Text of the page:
TotalCentral hepatectomy148Mean 268Mean 8823.4% (0%-7.9%)20.90% (range: 20%-66.7%)
Hemi-/extended hepatectomies243Mean 299Mean 13522.9% (0%-7.3%)38.70% (range: 14.6%-74.4% )
Study characteristics and operative details

A total of 1259 patients from 21 studies were reported after undergoing CH in the literature. However, after excluding studies with potential repeat patients (due to recruitment with significant overlapping study periods at a single institution), a total of 895 unique patients who had CH were obtained. The indication for central hepatectomy was detailed in 14 studies comprising a total of 659 patients. The main indication for CH was HCC, occurring in 565 patients (85.7%), but was also performed in conditions such as centrally-located liver metastases which accounted for 58 cases (most commonly colorectal in origin). Other diagnoses included CCA/ gallbladder carcinoma (25 cases), hepatic sarcoma (1 case), hemangiomas (2 cases) and occasionally for other benign lesions (4 cases).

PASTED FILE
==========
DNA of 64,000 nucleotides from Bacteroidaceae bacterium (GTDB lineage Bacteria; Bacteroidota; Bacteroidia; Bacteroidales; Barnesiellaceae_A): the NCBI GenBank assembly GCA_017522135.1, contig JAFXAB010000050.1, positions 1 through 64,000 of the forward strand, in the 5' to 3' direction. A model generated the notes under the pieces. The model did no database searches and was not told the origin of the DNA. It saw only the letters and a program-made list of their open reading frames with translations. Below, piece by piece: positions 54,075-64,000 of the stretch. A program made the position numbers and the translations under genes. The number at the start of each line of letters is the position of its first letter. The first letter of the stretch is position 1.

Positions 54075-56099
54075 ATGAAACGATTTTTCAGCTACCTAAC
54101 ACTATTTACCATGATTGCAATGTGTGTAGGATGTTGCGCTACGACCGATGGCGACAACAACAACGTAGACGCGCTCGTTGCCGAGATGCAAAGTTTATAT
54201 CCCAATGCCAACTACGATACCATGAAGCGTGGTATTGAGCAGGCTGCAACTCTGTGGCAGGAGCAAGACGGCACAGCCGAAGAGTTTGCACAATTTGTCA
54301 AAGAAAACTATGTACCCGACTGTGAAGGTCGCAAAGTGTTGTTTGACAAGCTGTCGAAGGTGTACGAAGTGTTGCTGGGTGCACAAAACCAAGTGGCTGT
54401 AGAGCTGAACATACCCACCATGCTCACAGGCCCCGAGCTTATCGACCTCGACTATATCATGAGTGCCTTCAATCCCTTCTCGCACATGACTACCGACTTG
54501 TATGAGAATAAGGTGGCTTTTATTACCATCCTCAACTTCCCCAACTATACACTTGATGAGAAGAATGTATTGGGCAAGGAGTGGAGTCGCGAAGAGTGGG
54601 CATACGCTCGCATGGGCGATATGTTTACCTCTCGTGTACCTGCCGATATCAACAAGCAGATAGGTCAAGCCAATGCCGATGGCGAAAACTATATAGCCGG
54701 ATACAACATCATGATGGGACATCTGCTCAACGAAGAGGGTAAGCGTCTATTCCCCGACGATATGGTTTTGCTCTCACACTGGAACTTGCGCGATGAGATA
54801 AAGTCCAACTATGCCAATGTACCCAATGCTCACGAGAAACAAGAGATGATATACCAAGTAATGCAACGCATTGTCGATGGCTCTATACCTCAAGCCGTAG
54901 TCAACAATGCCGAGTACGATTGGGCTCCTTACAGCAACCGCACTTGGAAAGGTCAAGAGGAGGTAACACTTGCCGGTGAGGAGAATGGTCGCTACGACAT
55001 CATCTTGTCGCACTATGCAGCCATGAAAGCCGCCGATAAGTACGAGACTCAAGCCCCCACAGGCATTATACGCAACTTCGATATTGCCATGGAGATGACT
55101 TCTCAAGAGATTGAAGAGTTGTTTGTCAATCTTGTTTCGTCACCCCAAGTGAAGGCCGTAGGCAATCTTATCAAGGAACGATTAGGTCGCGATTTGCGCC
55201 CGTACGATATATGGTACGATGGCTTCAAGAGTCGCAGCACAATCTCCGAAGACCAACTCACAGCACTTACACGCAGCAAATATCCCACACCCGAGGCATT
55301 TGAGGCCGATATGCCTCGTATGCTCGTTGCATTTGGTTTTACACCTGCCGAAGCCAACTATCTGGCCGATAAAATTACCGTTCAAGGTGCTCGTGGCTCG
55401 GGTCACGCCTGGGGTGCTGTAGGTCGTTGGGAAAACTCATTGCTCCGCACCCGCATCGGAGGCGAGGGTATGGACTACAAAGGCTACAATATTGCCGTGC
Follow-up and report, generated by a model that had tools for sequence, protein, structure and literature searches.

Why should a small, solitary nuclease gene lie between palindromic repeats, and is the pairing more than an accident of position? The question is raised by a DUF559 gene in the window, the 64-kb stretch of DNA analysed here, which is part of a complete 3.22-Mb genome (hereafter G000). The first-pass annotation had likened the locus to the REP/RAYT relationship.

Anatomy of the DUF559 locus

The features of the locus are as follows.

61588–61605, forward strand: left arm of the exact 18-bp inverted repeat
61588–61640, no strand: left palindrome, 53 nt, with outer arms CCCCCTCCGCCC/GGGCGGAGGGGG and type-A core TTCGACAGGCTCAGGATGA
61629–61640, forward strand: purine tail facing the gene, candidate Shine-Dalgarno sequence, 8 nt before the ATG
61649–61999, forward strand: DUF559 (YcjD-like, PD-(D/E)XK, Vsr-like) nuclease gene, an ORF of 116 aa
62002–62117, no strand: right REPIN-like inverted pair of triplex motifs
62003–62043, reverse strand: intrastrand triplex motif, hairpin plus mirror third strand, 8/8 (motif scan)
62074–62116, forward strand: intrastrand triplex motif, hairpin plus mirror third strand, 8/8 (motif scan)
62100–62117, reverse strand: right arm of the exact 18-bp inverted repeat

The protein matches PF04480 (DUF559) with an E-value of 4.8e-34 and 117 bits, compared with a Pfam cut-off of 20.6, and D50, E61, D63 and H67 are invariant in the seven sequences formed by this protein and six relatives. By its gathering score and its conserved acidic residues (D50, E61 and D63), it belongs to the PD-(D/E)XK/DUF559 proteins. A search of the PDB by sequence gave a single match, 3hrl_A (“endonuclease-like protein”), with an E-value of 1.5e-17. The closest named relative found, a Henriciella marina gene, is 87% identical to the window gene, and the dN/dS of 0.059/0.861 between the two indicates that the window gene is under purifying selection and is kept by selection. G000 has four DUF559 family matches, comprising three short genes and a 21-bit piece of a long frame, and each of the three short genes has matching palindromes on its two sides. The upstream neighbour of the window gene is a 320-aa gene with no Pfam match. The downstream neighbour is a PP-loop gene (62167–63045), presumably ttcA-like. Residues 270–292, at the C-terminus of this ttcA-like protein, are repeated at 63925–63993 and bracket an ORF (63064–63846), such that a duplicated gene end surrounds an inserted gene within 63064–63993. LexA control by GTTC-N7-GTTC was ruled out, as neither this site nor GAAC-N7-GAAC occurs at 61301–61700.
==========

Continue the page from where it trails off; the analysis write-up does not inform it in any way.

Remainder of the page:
The range of operative time for CH was reported to be 115 to 627 min, and Pringle’s maneuver was used for vascular control in the majority of studies. The mean intraoperative blood loss during CH ranged from 380 to 2450 mL.

Mortality and morbidity